Well its executive produced by M-Phazes, so he oversaw the whole thing. There’s 13 tracks, and the production is split between Phizzle (10), Way Of The Eagle (1), Styalz Fuego (1) and Cam Bluff (1). Guest verses from Hilltop Hoods and Drapht. Guest vocals from Daniel Merriweather, Ahren Stringer (Amity Affliction), Kira Puru and a few others. I think Cinematic will give you a pretty good idea of where I’m at with my own music. I really went out and made exactly the album that I wanted to, and that’s reflected throughout. I’ve even had a crack at singing, which is something I’ve been really hesitant about. But I write most of my own hooks so it wasn’t a completely unnatural thing. Mainly I hope people can dig it. The early feedback has been great so I’m feeling good.

What’s going on with your label ONETWO, I see it as a logical step to take control of your of your own destiny once you have been around for a minute, what saw you set it up and how has the process of making music been different with you steering the project in its entirety? Do you have plans of signing other acts and releasing music from a variety of artists as it evolves?

At the moment ONETWO is just getting the foundation set up. Obviously Cinematic is the first release on the label, which is a huge thing for me. We have distribution through Warner, so there is a great framework behind it, and I have their help, as well as the people involved in ONETWO itself, to help me get my bearings. It’s a new thing for me, and now that I’m not in album writing mode, I’m looking forward to really being more hands on involved in the label and the business that goes along with that. I signed Allday around two months ago now, and he will be the first artist other than myself to release music through ONETWO. I’m a big fan of his music, but even more so of his work ethic. Allday is a kid who has already made a really big impression on the young Australian hip hop listeners, and I think he has the most exciting future ahead of him. He’s working on an album at the moment. We have also signed Elemont, from Wollongong. I rate Elemont as the best teenage MC I’d ever heard when I first met him a couple of years ago now, and we are currently working on a debut EP for him, which will drop next year. It’s a very exciting time, they’re two very different artists but they are both young and have huge potential so I’m really psyched to have them on the team.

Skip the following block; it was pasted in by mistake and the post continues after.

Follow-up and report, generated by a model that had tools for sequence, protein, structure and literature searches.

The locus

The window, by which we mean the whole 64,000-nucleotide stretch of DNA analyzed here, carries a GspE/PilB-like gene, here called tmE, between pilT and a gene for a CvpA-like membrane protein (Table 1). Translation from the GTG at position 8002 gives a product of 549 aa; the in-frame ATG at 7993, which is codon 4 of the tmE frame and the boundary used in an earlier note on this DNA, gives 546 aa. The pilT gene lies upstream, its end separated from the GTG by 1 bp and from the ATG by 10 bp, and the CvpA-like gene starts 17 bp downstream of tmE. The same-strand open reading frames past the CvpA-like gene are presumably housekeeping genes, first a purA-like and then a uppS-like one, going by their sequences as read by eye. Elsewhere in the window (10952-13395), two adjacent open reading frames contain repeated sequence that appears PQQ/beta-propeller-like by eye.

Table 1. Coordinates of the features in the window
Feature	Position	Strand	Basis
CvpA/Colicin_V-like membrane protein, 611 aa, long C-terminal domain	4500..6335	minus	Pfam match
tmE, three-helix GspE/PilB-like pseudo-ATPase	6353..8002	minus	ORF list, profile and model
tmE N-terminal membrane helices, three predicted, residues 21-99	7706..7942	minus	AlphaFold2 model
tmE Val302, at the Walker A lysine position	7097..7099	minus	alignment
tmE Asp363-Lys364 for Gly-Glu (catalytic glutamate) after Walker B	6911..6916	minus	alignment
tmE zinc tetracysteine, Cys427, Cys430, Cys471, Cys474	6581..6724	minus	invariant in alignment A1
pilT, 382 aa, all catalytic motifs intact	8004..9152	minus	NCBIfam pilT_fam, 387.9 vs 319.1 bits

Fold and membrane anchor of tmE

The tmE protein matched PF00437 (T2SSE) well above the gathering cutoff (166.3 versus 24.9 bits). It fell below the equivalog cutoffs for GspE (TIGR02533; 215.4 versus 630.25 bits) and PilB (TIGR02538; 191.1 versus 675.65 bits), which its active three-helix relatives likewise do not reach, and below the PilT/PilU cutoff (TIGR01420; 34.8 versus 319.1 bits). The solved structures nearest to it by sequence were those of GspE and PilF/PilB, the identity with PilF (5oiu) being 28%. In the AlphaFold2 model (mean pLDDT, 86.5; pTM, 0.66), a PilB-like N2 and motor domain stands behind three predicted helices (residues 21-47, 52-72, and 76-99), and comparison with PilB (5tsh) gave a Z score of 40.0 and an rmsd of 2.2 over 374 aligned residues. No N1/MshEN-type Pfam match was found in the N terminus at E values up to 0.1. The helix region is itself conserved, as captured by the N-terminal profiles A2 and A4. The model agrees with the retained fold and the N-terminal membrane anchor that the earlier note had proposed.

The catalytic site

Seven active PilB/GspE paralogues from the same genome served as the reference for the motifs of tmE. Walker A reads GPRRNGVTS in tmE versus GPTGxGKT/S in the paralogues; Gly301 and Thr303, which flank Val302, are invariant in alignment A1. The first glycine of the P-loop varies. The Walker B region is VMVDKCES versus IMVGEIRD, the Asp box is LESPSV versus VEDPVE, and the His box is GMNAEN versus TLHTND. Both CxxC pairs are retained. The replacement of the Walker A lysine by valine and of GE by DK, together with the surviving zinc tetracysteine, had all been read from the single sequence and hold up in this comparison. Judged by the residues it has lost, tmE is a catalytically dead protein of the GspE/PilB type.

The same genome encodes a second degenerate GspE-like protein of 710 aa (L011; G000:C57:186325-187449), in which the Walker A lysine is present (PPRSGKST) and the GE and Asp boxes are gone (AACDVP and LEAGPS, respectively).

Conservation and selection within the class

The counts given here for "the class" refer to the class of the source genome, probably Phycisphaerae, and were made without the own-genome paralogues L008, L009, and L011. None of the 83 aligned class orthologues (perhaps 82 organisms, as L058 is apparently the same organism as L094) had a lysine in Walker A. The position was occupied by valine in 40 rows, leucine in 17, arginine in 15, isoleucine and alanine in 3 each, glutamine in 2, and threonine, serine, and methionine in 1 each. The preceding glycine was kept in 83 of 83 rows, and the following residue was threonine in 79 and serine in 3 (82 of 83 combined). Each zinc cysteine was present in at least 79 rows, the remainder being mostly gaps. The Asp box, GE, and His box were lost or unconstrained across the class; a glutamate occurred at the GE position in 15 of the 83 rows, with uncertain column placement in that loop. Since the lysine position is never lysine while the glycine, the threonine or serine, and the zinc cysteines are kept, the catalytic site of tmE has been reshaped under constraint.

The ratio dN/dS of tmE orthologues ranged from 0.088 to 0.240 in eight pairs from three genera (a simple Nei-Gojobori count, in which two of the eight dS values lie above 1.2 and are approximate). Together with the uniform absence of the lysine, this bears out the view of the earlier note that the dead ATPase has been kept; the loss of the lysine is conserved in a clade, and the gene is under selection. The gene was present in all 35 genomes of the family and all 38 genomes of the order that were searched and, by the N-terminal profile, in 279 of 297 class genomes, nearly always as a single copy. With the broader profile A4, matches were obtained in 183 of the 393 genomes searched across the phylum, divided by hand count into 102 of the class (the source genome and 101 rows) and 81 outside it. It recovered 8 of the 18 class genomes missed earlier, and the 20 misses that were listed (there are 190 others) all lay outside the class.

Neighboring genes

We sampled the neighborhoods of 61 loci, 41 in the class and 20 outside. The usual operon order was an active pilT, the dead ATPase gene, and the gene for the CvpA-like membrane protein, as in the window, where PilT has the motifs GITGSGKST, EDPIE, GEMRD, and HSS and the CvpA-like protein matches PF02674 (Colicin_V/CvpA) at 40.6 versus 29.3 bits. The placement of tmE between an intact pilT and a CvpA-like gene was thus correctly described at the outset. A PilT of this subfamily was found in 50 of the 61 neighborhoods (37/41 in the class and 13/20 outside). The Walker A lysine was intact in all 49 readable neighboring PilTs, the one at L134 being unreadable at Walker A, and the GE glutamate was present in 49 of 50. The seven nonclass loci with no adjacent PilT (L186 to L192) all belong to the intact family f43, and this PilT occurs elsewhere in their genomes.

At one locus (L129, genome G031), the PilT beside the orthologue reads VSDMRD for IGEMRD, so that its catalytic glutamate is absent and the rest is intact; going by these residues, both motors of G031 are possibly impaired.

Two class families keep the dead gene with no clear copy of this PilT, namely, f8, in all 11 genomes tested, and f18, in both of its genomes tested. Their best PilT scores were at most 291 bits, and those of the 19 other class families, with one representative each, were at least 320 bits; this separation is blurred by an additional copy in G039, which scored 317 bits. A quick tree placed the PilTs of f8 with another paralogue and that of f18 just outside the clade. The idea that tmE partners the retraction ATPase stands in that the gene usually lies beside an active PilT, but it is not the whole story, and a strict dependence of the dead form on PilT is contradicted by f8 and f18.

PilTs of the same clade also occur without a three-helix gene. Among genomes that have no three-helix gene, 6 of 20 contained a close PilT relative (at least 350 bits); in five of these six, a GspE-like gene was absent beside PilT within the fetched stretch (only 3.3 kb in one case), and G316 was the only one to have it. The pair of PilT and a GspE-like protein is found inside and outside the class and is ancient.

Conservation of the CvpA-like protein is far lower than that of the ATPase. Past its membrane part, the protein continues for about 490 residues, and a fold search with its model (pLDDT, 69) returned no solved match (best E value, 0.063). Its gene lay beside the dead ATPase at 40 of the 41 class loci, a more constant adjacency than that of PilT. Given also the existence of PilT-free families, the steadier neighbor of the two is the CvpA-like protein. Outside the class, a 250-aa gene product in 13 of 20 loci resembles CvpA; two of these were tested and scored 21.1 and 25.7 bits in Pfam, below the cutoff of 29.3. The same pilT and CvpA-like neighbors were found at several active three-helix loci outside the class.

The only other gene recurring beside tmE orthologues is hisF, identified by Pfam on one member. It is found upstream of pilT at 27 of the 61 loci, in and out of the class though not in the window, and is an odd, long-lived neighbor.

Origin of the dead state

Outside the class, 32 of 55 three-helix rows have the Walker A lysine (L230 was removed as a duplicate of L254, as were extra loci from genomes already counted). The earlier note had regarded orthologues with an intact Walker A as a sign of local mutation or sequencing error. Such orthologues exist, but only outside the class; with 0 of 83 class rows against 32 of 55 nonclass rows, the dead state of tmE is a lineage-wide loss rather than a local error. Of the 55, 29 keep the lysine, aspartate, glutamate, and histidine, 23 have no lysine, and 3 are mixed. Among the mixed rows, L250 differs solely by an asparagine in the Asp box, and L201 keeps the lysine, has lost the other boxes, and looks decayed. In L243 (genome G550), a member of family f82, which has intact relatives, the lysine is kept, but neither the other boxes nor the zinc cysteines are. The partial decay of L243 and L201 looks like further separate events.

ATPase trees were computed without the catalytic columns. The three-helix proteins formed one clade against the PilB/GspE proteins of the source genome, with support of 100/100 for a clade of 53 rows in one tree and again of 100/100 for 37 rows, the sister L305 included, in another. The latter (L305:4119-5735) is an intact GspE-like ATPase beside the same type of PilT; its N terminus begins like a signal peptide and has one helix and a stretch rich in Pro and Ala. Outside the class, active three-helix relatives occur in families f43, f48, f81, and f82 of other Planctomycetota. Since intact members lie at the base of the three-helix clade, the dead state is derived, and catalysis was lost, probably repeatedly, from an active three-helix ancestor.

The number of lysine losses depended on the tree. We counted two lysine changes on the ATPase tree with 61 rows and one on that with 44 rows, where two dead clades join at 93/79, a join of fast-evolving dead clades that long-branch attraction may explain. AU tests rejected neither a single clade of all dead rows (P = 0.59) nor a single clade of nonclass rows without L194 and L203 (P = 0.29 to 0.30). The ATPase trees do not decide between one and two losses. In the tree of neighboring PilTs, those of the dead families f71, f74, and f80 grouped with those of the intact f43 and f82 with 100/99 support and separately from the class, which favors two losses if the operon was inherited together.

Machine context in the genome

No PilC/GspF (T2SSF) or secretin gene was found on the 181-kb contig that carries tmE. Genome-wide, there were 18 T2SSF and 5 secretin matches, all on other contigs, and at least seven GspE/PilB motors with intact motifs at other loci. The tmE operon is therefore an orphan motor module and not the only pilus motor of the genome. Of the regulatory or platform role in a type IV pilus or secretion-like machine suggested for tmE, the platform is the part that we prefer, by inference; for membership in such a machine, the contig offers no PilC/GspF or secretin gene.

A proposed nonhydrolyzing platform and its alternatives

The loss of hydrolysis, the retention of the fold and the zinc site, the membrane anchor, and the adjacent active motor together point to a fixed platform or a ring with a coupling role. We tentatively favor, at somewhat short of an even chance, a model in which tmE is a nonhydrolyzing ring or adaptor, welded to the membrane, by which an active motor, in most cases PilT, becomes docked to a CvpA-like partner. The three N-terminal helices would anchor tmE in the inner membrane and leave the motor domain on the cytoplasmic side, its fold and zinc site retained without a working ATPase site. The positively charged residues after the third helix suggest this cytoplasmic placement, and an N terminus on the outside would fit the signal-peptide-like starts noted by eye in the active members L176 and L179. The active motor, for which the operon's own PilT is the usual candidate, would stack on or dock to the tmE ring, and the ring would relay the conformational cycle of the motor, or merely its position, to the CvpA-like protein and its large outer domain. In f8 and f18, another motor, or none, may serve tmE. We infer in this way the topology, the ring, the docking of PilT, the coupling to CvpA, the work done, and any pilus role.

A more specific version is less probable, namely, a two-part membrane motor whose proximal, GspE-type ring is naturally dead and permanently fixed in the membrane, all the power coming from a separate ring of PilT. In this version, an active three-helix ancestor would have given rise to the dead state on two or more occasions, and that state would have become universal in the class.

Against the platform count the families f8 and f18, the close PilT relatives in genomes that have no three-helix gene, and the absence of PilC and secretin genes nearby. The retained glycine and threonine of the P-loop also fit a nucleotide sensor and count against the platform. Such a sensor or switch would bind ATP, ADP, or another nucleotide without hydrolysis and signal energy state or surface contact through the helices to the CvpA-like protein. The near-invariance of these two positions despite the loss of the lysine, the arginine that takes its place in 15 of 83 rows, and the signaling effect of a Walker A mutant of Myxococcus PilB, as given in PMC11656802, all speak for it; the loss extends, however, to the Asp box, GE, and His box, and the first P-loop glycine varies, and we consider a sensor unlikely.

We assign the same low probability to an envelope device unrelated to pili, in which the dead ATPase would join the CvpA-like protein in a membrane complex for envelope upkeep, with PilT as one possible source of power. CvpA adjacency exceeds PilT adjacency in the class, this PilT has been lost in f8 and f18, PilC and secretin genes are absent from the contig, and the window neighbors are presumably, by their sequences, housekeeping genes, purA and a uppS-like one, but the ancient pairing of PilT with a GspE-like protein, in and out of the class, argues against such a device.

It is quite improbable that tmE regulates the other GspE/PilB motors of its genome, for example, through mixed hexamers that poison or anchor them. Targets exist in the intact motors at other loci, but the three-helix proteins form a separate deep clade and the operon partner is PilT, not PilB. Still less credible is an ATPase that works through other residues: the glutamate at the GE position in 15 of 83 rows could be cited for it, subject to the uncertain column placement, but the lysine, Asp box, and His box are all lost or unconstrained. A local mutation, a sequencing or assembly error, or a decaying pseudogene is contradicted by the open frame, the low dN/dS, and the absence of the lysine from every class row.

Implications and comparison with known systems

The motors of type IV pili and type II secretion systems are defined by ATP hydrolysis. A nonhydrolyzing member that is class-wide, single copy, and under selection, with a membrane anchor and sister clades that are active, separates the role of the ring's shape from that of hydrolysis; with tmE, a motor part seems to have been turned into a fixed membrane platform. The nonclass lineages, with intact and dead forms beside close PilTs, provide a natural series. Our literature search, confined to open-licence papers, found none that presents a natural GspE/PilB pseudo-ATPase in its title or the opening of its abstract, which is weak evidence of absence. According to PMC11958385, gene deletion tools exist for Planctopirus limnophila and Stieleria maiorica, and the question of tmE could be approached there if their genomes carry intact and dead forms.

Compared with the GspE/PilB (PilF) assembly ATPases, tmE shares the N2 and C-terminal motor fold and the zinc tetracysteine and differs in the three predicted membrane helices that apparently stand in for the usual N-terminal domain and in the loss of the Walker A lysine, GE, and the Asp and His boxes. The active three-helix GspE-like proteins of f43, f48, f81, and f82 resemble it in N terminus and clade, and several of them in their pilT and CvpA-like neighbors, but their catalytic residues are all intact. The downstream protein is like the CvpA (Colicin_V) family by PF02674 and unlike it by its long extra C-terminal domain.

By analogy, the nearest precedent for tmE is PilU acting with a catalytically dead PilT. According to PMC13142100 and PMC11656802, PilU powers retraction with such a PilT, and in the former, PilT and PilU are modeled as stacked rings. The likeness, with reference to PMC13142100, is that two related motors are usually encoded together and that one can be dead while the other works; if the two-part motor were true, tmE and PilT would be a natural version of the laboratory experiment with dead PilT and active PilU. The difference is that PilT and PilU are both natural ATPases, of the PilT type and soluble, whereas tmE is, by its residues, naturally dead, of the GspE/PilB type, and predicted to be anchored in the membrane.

I saw you at the Clipsal in Adelaide this year and you put on a super tight live show, you are about to hit the road again, including I believe a couple of dates in Europe, what can fans expect from the tour this time around? Do you make a conscious decision to make each tour different and each incarnation of the live show tighter?

I actually got back from Europe at the end of August. The shows were cool, Berlin was tough but expected, Prague was sick and unexpected, and London sold out, which was nuts. I’m taking a little break from touring over summer as I just finished a capital city run last month, and want to recharge after a fairly creatively intense year, before hitting the road again. Like I’ve said, this will be a set built around Cinematic, not a set that acts as a Greatest Hits of sorts, which has kinda been the modus operandi for the last couple of years. That always goes down well, but yeah it’s time to shake that shit up. Also have a new drummer and DJ for the next tour so it will be good to start with a clean slate, rather than have the new dudes feeling like they’ve stepped into someone else’s shoes.

Finally in your eyes what makes Cinematic a success? For an artist with a fan-base as large as yours are we talking about Arias? Chart placing? Respect from your fans? What will make you sit back with a beer and a satisfied grin after this release?

Cinematic is a success – before its released – because I know I couldn’t have made a better album. Its 13 tracks from about 30 demos, that have been obsessed over and then obsessed over again. ARIA I could care less about, chart I could care less about. I had the option of rushing the album out (as I said earlier, its 6 months late), but instead chose to do it right, even though it means it will drop in the same week as Eminem and on the same day as Lady Gaga. Going off where pre orders are at now, a week before release, Cinematic will sell enough that if it dropped in September or earlier, it would be a number 1 album. So yeah, charts, whatever. The fans response will mean a lot to me. Always does. I’ve had this thing all to myself for long enough I really am looking forward to seeing that. One of the coolest parts of making music is having your songs mean something special to other people. I’m hoping that I get that privilege again.